IT SEEMS RIGHT that the titles of Linda Gregerson’s last three books, combined, take up just five words. Gregerson loves the pun-ish potential of language, the way the entangled accidents of time, circumstance, want, and will make meaning possible, and she frequently builds a poem around the unlikely marriages a single word makes. If the characteristic unit of much poetry is metaphor — the discovery of underlying likeness in seemingly unlike things — Gregerson is just as likely to turn that on its head, rhyming essentially unlike things based on surface likenesses. It’s a model of the ways in which she seems to love the world: not for what it hides but what it shows.
To get a sense of how this works, head back to Gregerson’s first two books, Fire in the Conservatory (1982) and The Woman Who Died in Her Sleep (1996). The latter introduces the form that still, even in its absence, defines her poetry, a jagged tercet with an extremely short second line. In numerous interviews, Gregerson has credited this form with the major breakthrough in her writing, and she may be right. At minimum, it coincided with a number of changes that allowed her to write the poems that make her so unique and so valuable. The most important of these is, I think, an openness to her own excitement, one that reminds me, more than any other poet, of William Carlos Williams, another writer who eventually staggered his poems across the page. Here are the first sentence from each of those first two books. First, from Fire in the Conservatory:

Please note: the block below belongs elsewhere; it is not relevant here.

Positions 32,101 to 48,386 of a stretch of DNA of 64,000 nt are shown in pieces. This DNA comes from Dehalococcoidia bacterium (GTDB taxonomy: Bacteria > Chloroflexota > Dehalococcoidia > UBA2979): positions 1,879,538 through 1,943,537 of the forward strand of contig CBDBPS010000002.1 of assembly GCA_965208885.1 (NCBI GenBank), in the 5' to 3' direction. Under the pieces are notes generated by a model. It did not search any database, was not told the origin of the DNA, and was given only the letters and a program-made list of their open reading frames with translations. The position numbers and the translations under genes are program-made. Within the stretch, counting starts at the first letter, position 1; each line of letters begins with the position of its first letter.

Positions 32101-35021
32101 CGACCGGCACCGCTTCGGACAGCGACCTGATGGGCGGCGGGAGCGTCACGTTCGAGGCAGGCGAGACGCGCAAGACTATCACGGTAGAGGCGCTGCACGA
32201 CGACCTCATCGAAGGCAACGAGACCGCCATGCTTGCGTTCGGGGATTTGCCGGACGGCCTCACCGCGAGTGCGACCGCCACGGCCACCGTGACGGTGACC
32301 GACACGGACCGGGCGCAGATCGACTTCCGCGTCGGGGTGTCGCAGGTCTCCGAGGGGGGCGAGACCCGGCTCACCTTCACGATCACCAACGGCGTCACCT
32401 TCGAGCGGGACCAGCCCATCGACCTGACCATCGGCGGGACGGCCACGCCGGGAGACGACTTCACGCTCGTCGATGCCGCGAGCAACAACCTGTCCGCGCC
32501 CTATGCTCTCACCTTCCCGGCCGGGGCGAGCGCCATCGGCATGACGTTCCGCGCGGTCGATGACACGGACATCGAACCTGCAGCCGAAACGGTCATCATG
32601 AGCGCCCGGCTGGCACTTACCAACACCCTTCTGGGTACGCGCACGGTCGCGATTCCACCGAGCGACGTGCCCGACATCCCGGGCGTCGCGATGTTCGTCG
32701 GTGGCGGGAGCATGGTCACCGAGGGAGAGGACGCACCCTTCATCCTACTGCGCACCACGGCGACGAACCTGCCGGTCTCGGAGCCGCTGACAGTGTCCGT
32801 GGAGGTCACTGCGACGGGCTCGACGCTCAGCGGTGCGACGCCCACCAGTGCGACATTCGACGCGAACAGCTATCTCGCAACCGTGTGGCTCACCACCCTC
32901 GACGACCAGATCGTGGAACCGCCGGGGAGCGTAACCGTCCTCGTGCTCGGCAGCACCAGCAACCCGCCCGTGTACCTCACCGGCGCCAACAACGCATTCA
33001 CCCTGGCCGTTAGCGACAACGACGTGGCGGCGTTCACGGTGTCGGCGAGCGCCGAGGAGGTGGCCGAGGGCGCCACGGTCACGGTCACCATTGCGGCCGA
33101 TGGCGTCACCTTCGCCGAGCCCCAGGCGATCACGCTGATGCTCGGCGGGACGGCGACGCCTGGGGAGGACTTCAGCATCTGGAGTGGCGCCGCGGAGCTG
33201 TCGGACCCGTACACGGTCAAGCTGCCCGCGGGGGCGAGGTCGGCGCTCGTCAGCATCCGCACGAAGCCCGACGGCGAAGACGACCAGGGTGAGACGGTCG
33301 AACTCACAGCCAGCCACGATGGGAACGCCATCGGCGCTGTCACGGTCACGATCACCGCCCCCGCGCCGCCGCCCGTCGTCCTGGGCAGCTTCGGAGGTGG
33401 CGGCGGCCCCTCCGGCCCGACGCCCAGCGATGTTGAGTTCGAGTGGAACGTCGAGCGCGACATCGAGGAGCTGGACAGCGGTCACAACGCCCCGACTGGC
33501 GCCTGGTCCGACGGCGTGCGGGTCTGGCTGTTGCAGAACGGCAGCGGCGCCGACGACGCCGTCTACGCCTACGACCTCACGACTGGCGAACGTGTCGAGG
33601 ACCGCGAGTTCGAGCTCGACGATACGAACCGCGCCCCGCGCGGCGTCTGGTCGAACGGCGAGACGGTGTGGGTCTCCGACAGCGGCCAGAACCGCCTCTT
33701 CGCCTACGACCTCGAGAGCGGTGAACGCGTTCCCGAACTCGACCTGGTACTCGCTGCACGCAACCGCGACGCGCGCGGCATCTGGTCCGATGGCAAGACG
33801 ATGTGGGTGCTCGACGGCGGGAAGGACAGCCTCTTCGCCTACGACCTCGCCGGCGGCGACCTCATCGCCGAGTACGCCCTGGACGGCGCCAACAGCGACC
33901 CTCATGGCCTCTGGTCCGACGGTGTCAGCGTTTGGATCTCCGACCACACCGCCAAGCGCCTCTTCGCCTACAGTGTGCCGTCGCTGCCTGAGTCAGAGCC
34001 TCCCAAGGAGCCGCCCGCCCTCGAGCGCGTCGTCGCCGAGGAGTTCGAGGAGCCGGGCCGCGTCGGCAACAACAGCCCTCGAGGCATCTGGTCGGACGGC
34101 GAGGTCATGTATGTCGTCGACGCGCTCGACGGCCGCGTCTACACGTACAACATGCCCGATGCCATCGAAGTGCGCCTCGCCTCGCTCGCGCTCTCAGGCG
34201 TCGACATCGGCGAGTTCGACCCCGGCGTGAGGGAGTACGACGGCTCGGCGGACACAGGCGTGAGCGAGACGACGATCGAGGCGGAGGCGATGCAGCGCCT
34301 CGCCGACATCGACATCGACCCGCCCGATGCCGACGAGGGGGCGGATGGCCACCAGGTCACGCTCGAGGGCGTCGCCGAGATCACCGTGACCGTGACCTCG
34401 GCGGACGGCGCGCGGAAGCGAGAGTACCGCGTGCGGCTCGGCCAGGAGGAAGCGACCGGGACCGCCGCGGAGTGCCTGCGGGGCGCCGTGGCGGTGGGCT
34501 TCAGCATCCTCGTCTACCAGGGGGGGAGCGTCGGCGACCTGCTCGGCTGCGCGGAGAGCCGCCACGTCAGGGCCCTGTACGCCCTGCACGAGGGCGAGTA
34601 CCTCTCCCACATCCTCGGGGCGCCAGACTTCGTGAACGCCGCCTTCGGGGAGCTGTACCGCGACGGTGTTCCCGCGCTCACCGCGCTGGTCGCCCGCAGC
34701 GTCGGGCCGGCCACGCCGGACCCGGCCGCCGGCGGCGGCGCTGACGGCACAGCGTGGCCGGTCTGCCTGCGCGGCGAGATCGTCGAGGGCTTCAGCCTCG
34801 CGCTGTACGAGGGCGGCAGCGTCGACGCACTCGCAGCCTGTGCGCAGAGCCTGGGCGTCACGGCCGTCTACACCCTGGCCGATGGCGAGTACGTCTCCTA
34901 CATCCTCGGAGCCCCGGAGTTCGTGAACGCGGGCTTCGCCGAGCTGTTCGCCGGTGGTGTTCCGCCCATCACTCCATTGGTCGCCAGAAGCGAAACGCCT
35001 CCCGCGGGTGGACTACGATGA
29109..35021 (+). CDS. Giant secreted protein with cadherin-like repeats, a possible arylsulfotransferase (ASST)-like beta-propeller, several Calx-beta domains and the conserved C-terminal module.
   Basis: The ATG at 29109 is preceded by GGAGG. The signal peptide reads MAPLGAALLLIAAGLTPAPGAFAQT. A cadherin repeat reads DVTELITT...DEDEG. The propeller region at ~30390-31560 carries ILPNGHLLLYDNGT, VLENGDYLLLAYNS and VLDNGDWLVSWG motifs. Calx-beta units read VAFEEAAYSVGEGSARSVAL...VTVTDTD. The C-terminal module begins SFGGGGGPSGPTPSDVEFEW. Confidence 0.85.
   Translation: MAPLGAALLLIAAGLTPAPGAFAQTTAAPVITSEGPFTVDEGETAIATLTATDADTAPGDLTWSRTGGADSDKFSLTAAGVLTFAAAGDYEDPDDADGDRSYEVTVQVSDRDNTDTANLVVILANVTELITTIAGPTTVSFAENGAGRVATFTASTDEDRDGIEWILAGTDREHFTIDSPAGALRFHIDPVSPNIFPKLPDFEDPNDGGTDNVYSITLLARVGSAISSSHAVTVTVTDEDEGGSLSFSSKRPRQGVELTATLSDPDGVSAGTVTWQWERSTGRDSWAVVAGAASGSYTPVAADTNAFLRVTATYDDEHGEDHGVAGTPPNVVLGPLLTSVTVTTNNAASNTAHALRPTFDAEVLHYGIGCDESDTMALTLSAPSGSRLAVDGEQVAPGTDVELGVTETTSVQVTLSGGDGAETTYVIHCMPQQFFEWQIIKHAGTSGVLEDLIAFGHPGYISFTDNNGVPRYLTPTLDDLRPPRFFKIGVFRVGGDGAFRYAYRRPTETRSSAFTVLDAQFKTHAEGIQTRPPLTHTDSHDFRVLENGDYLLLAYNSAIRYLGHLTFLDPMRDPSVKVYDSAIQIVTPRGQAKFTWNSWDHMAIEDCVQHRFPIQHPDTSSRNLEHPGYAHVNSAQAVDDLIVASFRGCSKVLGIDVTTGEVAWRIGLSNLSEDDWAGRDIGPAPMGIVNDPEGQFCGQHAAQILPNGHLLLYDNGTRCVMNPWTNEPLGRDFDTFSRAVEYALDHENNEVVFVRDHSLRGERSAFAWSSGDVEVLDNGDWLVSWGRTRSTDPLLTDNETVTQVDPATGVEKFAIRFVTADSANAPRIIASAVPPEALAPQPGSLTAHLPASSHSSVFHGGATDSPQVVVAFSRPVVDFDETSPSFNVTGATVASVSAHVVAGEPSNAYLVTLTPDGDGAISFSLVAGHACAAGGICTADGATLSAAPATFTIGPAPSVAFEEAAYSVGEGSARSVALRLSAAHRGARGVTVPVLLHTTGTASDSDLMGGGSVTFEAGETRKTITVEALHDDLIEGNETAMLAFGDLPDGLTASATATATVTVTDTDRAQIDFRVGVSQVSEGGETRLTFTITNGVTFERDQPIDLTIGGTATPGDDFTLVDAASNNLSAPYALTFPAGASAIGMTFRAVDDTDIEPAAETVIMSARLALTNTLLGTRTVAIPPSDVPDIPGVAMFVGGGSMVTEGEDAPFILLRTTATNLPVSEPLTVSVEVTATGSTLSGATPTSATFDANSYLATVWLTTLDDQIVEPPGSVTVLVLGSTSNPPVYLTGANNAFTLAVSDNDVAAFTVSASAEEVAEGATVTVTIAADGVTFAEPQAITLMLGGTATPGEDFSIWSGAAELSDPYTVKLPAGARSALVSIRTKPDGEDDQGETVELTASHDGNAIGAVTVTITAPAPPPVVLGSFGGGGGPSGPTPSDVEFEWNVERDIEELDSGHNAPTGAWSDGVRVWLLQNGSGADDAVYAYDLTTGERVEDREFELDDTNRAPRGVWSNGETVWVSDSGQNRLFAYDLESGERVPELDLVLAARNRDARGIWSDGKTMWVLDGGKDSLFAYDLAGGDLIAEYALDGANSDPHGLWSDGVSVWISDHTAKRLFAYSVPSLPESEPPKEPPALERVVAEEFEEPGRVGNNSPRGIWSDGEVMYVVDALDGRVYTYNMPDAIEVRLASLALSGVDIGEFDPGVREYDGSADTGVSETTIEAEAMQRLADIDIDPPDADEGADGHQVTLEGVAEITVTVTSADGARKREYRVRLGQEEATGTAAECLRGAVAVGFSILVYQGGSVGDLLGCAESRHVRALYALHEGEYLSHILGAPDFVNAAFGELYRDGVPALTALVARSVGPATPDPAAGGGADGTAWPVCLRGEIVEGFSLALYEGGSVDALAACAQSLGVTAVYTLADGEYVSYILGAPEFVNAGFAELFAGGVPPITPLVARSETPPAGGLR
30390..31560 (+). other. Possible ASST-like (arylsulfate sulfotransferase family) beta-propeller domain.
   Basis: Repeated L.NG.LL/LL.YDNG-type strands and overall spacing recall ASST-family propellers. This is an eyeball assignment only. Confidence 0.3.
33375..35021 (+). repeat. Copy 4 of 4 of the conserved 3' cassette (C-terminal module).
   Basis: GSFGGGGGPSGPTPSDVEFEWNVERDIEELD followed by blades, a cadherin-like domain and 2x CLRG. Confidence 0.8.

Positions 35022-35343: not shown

If faith is a tree that sorrow grows
and women, repentant or not, are swamps,
a man who comes for solace here
will be up to his knees and slow
(“Maudlin; or, the Magdalen’s Tears”)
And then, a full 14 years later, from The Woman Who Died in Her Sleep:
The body in health, the body in sickness,
its versatile logic till the least
of us must, willy-nilly, learn
(“The Bad Physician”)
You don’t need to sweat the forensics to recognize shared authorship here. The mind at work, revising and qualifying in graceful asides, hasn’t really changed. Both deploy unmistakable intelligence as engine rather than display. Both shift registers (“comes for solace” yielding “up to his knees,” "versatile logic” giving way to “willy-nilly”) without ever seeming at odds with the guiding disposition. And both, in their way, feel fleet, using the interruptions of line breaks and commas to emphasize the feeling of unfinished business just across the way. But they’re remarkably different, too.
The first sentence seems, well, swampy, at least by comparison. All the nouns are elemental — faith, tree, sorrow, wome...read more